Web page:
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Oral cancer misdiagnosis and dental malpractice

This form of cancer is usually successfully treatable when timely diagnosed

June is Oral Health Month. This brings to mind one of the important functions of regular dental visits, oral cancer screening.

The standard of care requires dentists to perform a complete examination of the mouth and tongue to look for signs of oral cancer. Otolaryngologists (ear, nose, and throat/ENT physicians) may also perform this type of exam when consulted.

According to the American Cancer Society, oral cancer is most common in the tongue, tonsils, throat (oropharynx), floor of the mouth, and other parts of the mouth. It can affect people of all ages, although the average age for a patient diagnosed with oral cancer is 63. Around 20% of cases are diagnosed in patients younger than 55.

One of the keys for oral cancer survival is early diagnosis. Patients bear the responsibility of seeing a dentist twice a year for cleanings and checkups, and to seek an examination if a suspicious area develops in the mouth. Then the responsibility falls on the dentist, or ENT physician if consulted, to perform a thorough oral cancer screening examination.

Signs and symptoms of oral cancer

You should see a dentist or ENT physician for evaluation if you notice any of the following symptoms:

• A sore or lesion on the lip or inside the mouth that doesn’t go away. It could be on the roof of the mouth, under the tongue, or on the cheeks.

• A lump or growth on the tongue or inside of the mouth.

• White or red patches inside the mouth.

• Persistent pain in the ear or mouth.

• Swallowing issues, including pain or difficulty.

• Loose teeth.

Survival rates for oral cancer

Oral cancer survival rates are good if it’s caught quickly.

Oncology experts frequently cite five-year relative survival rates for different types of cancer. Survival rates vary, depending on how quickly the cancer was diagnosed and treated:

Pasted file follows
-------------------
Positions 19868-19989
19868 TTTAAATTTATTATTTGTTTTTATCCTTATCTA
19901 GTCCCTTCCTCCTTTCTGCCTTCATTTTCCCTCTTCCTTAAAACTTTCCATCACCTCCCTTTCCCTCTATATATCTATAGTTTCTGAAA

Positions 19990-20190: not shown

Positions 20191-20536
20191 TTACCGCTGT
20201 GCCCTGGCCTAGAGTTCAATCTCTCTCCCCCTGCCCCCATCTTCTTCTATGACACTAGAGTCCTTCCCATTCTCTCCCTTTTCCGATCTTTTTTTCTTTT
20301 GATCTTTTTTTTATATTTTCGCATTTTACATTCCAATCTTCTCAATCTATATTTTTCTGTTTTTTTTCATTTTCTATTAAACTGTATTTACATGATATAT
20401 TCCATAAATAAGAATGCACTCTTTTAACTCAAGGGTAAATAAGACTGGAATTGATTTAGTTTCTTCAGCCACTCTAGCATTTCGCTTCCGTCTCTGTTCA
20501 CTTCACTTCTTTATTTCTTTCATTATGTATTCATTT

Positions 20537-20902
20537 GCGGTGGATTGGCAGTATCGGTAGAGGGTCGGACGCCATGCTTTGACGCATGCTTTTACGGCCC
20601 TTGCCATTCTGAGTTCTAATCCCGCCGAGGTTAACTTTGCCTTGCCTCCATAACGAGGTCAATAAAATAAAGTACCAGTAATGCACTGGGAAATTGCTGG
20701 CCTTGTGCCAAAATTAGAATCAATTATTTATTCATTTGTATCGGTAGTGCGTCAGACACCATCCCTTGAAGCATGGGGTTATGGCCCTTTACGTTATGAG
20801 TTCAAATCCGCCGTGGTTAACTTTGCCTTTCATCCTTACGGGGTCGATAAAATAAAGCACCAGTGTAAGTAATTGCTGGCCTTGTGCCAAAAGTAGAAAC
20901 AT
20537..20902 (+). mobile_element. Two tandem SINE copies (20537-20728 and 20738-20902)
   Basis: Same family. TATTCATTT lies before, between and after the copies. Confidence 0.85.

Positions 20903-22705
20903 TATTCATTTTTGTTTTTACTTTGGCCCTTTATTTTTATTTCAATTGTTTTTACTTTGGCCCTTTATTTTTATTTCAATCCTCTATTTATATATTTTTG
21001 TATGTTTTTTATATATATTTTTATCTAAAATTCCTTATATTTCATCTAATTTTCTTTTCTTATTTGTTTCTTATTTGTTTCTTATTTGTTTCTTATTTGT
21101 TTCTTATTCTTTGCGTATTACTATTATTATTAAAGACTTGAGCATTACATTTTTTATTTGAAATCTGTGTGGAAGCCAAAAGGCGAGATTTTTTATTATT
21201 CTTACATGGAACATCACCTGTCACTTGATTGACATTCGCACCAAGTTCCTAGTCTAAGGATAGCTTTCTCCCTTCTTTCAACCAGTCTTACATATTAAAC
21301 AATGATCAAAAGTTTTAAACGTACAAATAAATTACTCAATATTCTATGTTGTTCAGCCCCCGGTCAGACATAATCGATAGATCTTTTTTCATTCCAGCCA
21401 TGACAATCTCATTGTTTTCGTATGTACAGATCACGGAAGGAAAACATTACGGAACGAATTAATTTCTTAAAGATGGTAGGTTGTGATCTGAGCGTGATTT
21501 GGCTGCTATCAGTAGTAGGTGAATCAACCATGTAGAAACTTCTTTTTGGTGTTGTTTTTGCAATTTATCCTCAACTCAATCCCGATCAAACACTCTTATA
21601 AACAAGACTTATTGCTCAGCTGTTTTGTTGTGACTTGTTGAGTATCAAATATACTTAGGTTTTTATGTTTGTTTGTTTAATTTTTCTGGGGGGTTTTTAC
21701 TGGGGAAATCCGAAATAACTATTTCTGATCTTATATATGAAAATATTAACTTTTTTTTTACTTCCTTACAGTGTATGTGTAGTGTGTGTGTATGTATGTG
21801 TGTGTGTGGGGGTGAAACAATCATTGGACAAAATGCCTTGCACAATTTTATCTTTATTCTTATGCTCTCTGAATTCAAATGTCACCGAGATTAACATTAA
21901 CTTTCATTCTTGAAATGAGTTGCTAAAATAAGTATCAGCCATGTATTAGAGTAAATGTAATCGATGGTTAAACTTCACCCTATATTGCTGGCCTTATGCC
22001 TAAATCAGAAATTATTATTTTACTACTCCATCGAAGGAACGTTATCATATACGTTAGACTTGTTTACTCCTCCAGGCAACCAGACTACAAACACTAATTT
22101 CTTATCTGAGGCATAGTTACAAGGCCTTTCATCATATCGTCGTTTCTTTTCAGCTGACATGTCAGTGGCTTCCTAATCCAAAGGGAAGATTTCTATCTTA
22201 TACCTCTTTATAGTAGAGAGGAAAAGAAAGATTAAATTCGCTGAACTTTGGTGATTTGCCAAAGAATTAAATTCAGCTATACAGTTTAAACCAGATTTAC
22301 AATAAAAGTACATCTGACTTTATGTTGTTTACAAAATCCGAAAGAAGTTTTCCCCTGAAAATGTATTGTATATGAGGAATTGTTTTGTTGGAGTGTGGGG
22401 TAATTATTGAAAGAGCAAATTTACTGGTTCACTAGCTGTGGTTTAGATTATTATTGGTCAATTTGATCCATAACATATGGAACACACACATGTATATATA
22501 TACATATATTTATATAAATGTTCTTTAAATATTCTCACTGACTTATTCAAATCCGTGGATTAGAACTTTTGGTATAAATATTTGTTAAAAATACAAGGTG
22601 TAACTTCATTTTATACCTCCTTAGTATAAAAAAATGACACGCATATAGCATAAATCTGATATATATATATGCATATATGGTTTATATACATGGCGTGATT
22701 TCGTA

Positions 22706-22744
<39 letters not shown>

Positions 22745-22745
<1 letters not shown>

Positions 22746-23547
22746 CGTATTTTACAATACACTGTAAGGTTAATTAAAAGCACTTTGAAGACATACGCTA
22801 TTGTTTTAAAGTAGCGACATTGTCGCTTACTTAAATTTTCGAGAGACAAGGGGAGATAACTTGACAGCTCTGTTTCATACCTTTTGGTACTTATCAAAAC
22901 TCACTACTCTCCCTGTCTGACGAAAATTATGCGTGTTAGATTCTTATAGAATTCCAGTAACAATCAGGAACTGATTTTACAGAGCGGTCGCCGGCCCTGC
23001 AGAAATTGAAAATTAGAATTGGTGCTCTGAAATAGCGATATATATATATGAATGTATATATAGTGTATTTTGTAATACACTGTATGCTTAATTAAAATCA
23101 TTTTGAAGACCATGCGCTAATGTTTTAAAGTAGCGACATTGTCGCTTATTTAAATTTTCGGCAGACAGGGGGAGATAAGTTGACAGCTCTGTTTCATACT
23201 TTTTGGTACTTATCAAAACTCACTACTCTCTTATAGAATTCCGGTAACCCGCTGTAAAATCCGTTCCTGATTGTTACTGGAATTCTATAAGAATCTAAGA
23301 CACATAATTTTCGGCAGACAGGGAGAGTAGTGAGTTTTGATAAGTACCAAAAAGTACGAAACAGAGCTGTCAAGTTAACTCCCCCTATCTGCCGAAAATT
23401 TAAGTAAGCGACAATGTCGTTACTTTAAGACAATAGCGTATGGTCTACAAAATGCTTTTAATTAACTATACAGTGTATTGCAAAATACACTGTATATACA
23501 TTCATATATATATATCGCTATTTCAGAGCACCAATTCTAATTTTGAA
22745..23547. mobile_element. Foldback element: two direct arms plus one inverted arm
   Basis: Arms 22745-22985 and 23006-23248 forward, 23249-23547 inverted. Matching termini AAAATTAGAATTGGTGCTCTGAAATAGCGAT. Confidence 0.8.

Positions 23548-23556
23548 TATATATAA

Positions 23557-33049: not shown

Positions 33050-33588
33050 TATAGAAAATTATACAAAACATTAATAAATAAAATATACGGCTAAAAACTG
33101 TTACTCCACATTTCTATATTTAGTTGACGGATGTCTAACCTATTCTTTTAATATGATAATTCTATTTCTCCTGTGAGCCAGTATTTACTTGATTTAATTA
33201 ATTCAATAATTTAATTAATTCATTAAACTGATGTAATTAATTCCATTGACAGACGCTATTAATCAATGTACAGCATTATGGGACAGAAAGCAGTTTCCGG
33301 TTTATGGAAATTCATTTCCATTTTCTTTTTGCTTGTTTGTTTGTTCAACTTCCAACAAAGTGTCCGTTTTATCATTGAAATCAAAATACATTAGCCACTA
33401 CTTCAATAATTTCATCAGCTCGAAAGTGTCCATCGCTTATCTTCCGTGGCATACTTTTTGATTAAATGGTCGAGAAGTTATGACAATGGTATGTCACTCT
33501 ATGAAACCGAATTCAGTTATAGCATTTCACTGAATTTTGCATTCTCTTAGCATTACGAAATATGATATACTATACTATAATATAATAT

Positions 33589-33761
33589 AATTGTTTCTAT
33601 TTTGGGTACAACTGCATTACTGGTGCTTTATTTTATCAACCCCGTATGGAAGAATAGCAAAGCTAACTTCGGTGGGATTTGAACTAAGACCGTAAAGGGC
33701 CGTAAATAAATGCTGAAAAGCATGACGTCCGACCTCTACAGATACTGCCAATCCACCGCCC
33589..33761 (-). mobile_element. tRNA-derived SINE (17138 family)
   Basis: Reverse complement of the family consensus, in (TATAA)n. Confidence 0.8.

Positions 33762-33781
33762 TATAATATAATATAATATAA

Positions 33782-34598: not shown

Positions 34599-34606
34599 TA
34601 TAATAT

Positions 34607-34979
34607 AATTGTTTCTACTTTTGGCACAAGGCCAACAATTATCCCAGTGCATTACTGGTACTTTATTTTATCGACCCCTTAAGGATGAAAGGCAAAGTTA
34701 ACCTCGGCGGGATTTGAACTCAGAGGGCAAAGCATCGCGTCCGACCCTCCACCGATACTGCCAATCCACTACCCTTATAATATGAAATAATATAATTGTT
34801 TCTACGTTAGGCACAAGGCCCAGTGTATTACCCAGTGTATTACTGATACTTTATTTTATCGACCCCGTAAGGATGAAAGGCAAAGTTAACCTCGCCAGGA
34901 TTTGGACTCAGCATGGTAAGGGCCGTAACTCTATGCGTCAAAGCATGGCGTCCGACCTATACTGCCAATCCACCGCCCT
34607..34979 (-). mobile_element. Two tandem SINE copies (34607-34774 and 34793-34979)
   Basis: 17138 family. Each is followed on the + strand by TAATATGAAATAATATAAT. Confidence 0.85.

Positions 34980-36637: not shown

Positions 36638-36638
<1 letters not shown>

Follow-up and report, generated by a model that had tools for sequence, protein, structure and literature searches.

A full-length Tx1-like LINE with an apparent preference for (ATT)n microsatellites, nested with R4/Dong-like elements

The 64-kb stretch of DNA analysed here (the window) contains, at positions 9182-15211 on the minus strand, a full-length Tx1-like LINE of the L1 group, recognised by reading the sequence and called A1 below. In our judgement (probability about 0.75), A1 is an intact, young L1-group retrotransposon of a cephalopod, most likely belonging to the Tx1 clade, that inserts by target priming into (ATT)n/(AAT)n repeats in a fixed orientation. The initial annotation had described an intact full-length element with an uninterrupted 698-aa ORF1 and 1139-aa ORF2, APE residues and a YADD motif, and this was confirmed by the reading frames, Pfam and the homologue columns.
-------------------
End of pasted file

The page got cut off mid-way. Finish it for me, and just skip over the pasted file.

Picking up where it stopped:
• Localized cancer: Has not spread from the primary tumor site

• Regional cancer: The cancer spread to nearby lymph nodes, organs, or tissue

• Distant cancer: Metastasized and spread to distant lymph nodes, organs, or tissue

For lip cancer, the five-year survival rate for localized cancer is 93%, but for distant cancer is only 33%. For tongue cancer, the statistics are similar, 83% versus 41%. For floor the mouth, the statistics are 73% five-year survival rate for localized cancer versus 23% for distant cancer. For oropharynx (throat) cancer, the numbers are 59% versus 28%. For each type of cancer, regional survival rates are in between the numbers for localized and distant.

When a dentist or physician fails to perform a proper oral cancer screening examination, it may be malpractice and can lead to a dangerous delay in diagnosis and treatment.

If you have been seriously injured because of oral cancer misdiagnosis or delayed diagnosis in Texas, then contact a top-rated, experienced Texas medical/dental malpractice lawyer for a free consultation about your potential case.

Robert Painter is an award-winning medical malpractice attorney at Painter Law Firm PLLC, in Houston, Texas. He is a former hospital administrator who represents patients and family members in medical negligence and wrongful death lawsuits all over Texas. Contact him by calling 281-580-8800 or emailing him right now.


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